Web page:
Tuesday, 22 May 2012

Uplifting your PhD - Uplifting academia

This is a positive story from the THESIS WHISPERER BLOG of using real and virtual support to survive your PhD - but it illustrates how students at all levels - and all academics - can benefit from support networks:

From ingermewburn @thesiswhisperer
Who shares Dr Janet Fulton's blog post

As the Thesis Whisperer matures, students who look to it for support are starting to graduate. I always love to hear about their experiences and created the "Dear Thesis Whisperer" section to publish any nuggets of advice they want to share.

This post is from the new Dr Janet Fulton, who completed her PhD last year. Her thesis is titled 'Making the News: Print journalism and the creative process'.

I became an official post-PhDer at the end of October 2011. The one thing that helped me throughout the process was actively pursuing any kind of support, from physical through to virtual.

I was very lucky in that our school provides a fair amount of support for research higher degree (RHD) students - those doing a PhD or Masters degree. We have a dedicated room with a desk, computer and storage space provided; there are annual seminars where it’s compulsory for RHD students to present their work; we receive a sum of money each year (to use for conferences, data gathering expenses, etc.); and, our school’s academic and support staff is (by and large) incredibly supportive.

But there are certainly horror stories out there.

A friend of mine did her PhD with such little support from her school that she rang me weeping one day and asked me to have a regular coffee hour each week, just to discuss her research. This happened right at the beginning of my PhD and I’ve never forgotten how lost and sad and lonely she was.

PhDing can be lonely and isolating. It doesn’t matter how loving and supportive your family is, if they haven’t gone through it themselves it’s impossible for them to understand what’s happening to you. So, it’s really important to create a community, either physical or virtual, to help you through.

Here is some of the support I made use of. Some were more important than others at times but they all assisted in making my PhDing a little easier.

Find your fellow PhDers
I was blessed to have a group of fellow Media and Communication PhDers at my uni all going through at different levels. The experience within the group was a massive resource I drew on and I’d like to think that others who came after me have found my knowledge valuable as well.

Over the years we had various attempts at trying to meet formally either via regular coffee catch-ups or scheduled meetings, but busyness usually meant these formal forums eventually wound down. Most of the PhDers in our school are full-time academics doing research part-time (I don’t know how they do it) or full-time students teaching on a casual basis (don’t know how they do that either) so time is at a premium. I found it more valuable to just email someone to have a moan or ask a question or meet up for coffee.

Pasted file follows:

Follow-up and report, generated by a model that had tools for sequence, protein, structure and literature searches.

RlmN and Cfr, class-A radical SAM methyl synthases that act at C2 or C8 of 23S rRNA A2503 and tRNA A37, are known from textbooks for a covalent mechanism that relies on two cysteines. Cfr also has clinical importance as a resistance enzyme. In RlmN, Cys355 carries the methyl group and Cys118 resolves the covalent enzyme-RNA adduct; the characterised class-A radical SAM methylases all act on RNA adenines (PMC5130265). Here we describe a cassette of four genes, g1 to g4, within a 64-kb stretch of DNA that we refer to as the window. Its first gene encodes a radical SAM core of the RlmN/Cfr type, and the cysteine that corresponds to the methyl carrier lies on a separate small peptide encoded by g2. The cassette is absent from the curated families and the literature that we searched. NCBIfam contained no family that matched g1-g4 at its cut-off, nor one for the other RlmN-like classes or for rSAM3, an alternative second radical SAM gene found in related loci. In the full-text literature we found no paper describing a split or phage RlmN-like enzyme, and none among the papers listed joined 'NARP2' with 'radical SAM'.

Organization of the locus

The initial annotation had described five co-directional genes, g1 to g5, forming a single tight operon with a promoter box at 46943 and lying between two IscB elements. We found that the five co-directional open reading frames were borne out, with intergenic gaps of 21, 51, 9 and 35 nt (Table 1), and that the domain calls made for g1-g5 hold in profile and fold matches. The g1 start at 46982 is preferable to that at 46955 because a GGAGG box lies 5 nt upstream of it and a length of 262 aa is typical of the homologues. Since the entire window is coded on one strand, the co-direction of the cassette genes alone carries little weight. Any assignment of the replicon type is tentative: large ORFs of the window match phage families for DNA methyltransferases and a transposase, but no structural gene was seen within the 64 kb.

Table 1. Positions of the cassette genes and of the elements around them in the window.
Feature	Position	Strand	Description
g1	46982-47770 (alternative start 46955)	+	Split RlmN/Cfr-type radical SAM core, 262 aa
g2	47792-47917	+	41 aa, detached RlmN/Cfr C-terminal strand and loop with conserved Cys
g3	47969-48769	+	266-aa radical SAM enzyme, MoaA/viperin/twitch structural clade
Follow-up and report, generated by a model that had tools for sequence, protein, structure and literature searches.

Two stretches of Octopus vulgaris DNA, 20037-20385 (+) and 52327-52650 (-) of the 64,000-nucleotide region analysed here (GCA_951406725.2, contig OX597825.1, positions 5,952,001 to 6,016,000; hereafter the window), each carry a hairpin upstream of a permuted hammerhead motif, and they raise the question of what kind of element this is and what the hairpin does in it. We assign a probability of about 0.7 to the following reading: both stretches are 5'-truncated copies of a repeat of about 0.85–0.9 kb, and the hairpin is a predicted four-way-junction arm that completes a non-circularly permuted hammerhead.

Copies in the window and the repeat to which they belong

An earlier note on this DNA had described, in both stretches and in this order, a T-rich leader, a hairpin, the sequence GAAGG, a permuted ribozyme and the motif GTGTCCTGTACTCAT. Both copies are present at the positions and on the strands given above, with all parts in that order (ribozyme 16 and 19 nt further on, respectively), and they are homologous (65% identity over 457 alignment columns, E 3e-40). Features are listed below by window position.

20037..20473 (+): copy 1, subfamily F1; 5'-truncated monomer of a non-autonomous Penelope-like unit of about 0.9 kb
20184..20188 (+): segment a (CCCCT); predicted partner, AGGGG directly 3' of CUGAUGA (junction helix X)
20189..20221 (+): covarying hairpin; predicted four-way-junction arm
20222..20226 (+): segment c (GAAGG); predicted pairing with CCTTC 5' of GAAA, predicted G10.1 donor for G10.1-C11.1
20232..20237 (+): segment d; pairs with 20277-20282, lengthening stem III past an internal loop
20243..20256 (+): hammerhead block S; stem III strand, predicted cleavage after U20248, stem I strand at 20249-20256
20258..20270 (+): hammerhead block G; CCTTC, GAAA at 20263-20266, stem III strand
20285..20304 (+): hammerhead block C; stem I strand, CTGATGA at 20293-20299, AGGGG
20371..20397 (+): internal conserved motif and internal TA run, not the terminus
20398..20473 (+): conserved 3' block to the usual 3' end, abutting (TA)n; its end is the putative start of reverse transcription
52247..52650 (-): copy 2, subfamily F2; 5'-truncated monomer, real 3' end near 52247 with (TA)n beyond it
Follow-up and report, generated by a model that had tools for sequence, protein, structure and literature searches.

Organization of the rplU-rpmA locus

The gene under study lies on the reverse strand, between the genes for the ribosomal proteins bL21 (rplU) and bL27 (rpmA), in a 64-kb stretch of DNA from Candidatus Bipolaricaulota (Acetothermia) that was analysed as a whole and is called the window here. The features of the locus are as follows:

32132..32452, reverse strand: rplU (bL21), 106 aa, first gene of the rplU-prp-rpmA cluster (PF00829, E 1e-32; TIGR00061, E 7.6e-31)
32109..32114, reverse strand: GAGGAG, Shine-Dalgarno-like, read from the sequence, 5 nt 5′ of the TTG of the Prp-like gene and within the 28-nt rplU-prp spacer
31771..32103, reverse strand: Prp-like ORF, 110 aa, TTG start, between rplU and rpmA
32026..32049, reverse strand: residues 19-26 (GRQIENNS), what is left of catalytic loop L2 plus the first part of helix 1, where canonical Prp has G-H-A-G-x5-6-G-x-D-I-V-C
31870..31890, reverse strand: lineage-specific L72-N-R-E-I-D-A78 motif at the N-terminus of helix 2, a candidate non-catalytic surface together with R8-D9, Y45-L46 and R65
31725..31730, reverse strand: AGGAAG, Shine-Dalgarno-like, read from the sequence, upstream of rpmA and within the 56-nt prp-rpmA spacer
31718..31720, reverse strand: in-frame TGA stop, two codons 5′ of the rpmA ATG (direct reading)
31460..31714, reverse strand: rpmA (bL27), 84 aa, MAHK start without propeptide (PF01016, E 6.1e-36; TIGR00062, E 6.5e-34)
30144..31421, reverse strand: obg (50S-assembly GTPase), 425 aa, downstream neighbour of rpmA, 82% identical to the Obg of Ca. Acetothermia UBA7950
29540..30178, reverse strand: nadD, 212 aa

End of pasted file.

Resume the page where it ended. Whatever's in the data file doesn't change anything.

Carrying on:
Our RHD room setup was a valuable resource. When I started in 2006, there was only me in the room but over the years we’ve had more than a dozen coming and going, each bringing their own special experience into the mix.

Try to hang around with other academics
I worked in the RHD room from the beginning of my candidature and found it an excellent way to informally meet up with academics in the school. We have a strange mix of disciplines with academics from design, communication studies and information technology, but most have been very happy to chat in the lunchroom or in the corridors. The different disciplines bring their own take on problems. A great resource.

I came to Twitter late in my PhD (early 2009) but talk about an instant support group!

There is the regular meeting of #phdchat on Wednesday nights (UK time), created and run by Nasima Riazat (@NSRiazat) but the hashtag can be used at any time to ask questions, update your own PhD status, make comments and observations and share experiences. Australia has its own version run by Dr Inger Mewburn (@thesiswhisperer) on the first Wedensday of every month.

Our little local group of PhDers tweet pretty regularly as well. I used the ‘List’ function to gather us all together so we could keep track of each other. At one stage, we had a hashtag called #phdequivalent where we decided that each day’s word output should be equaled by mls of wine or milligrams of chocolate. Yes, yes, sounds silly but silliness is sometimes REALLY IMPORTANT during the PhD process.

The only problem with Twitter is that it is possible to use it for evil instead of good. Twitcrastination: a way to use Twitter to not do PhD work. I remember tweeting once that you could always tell when I was trying to work my way through a particularly difficult bit because my tweets went up in volume and inanity. I got a few virtual nods for that comment.